Different parts of the world exhibit different biases and levels of trust when it comes to accepting what the data tells us... and trusting who is delivering it.
Last time, we were looking at how the presentation of data has become such a fundamental part of our everyday lives. And so it has continued; not just in the news, but as the basis of advice, as predictive models, to justify political action and even as entertainment (as anyone who watched American TV pundits during the American election will testify).
This has focused minds on the veracity and understanding of the data, with its possible consequent implications being serious. If you think the data comes from people who are incompetent, corrupt or have a secret agenda, then you are less likely to have faith in its outputs.
Interestingly, how far the public trusts data presented to them varies between different parts of the world. The Winton Centre for Risk and Evidence Communication, which we’ve mentioned before, has an ongoing mission of investigating the way that evidence is presented and interpreted. Early on in the Covid-19 pandemic they surveyed people in 13 countries exploring the trustworthiness of various messengers with the results then visualised by the University of Lund. It demonstrated important differences and interestingly, at that stage, high trust overall in the World Health Organisation… except in Japan and South Korea.
It is clear also that public perception of data is connected to what they think about media generally, as explored in Ipsos/The Trust Project’s ‘Trust Misplaced’ recent study. Reassuringly, they report that the situation is not as bad as we might fear, stating:
‘There continue to be points of public consensus on many issues based on a broad acceptance of what we see the truth to be.’
Each place does however have varying levels of trust, as Marcos Calliari, Country Director of Ipsos Brazil says:
‘Many here have preconceived opinions, and they are just looking to prove them. We are not known to change opinions based on arguments.’
We are all familiar with that issue and it brings us to another key point...
Interpretation depends on our own contexts, knowledge and values. Tim Harford, host of BBC Radio’s ‘More or Less’, earlier this year outlined the biases we bring to this data, in the article ‘Why We Fail To Prepare For Disasters’. Amongst the important factors he cites is ‘optimism bias’ in the sense of our tendency towards wishful thinking:
'In a complex world, we are surrounded by contradictory clues and differing opinions. We can and do seize upon whatever happens to support the conclusions we wish to reach.'
It is also worth considering the other side of the equation too – the creation of the data in the first place. We are well aware at The Audience Agency, that who you are affects what you think and how you behave. This may seem rather obvious, but it is sometimes neglected - although it has been written about down the years. The sociologist Pierre Bourdieu was interested in the topic back in the 1970s. In his famous work Distinction, he found there was a counter-intuitive trend for those parts of the French public who were less engaged in attending cultural events to be more likely to state that the arts ‘elevated the mind’. He had a particular theory he wanted to prove (looking at social class) but it is worth remembering why ‘topline results’ do not always tell the whole story.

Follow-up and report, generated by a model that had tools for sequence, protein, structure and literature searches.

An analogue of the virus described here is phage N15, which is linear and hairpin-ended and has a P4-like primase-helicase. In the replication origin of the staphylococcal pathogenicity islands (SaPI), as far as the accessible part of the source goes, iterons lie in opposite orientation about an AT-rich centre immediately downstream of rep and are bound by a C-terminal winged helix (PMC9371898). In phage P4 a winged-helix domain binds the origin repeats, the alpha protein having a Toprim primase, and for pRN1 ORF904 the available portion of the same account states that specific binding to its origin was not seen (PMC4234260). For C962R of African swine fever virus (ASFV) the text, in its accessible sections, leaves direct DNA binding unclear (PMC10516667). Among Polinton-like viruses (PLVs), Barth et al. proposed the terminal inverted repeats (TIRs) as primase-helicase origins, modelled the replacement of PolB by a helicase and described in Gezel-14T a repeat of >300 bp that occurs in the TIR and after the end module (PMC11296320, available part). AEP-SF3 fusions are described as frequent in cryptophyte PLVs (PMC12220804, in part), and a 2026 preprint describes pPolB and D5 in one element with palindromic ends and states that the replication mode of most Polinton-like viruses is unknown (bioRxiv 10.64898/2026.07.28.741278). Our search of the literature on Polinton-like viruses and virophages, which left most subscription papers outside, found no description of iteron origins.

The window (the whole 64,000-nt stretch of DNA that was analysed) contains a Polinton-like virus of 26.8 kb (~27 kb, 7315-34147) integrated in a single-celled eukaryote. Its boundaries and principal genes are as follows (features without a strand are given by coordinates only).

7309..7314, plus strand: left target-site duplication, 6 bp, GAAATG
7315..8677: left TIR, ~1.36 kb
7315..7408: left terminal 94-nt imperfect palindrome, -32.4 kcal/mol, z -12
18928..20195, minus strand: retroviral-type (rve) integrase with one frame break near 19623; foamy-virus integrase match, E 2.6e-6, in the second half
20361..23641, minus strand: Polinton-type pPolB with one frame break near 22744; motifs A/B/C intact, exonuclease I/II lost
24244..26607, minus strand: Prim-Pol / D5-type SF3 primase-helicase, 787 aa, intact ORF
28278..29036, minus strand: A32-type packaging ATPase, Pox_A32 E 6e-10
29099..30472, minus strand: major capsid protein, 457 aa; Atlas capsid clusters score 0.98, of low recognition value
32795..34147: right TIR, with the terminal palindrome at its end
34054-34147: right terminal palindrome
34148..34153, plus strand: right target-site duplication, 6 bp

With an intelligent approach to this we can discover many more useful insights. A good example is Indigo / Family Arts Campaign’s deep delve into their own research (in the UK) which is encapsulated in the opening statement ‘Family Audiences may be first to re-embrace culture - but the last to be considered’.
You can also see The Audience Agency’s own analysis of the data from Indigo’s Act Two survey to understand how ‘regular and frequent’ audiences’ react to digital cultural content here.
Going beyond the topline often brings surprises and richer insight, as in WolfBrown’s Audience Outlook Monitor where Alan Brown notes that in the USA, a preference for digital delivery is coming from those who are vulnerable or older, in contrast to an idea of digital being for young people.
The Audience Agency’s work with the Centre for Cultural Value on the Covid-19 Cultural Participation Monitor (part of the Covid 19 Research project with the Centre for Cultural Value, supported by the Arts and Humanities Research Council) brings a more complete picture of what is happening. . For example, on the issue of online delivery, we can see a distinction between mainly younger audiences wanting ‘digital first’ and older audiences preferring streamed material.
These are difficult times, but also fascinating times, in terms of the research that is being done and the new interest it is generating. Some of the research being done now is revealing insights that go beyond the particularities of Covid-19. Maybe, as the philosopher Arthur Schopenhauer said:
‘The alchemists in their search for gold discovered many other things of greater value.’
Let’s keep looking for those insights of greater value.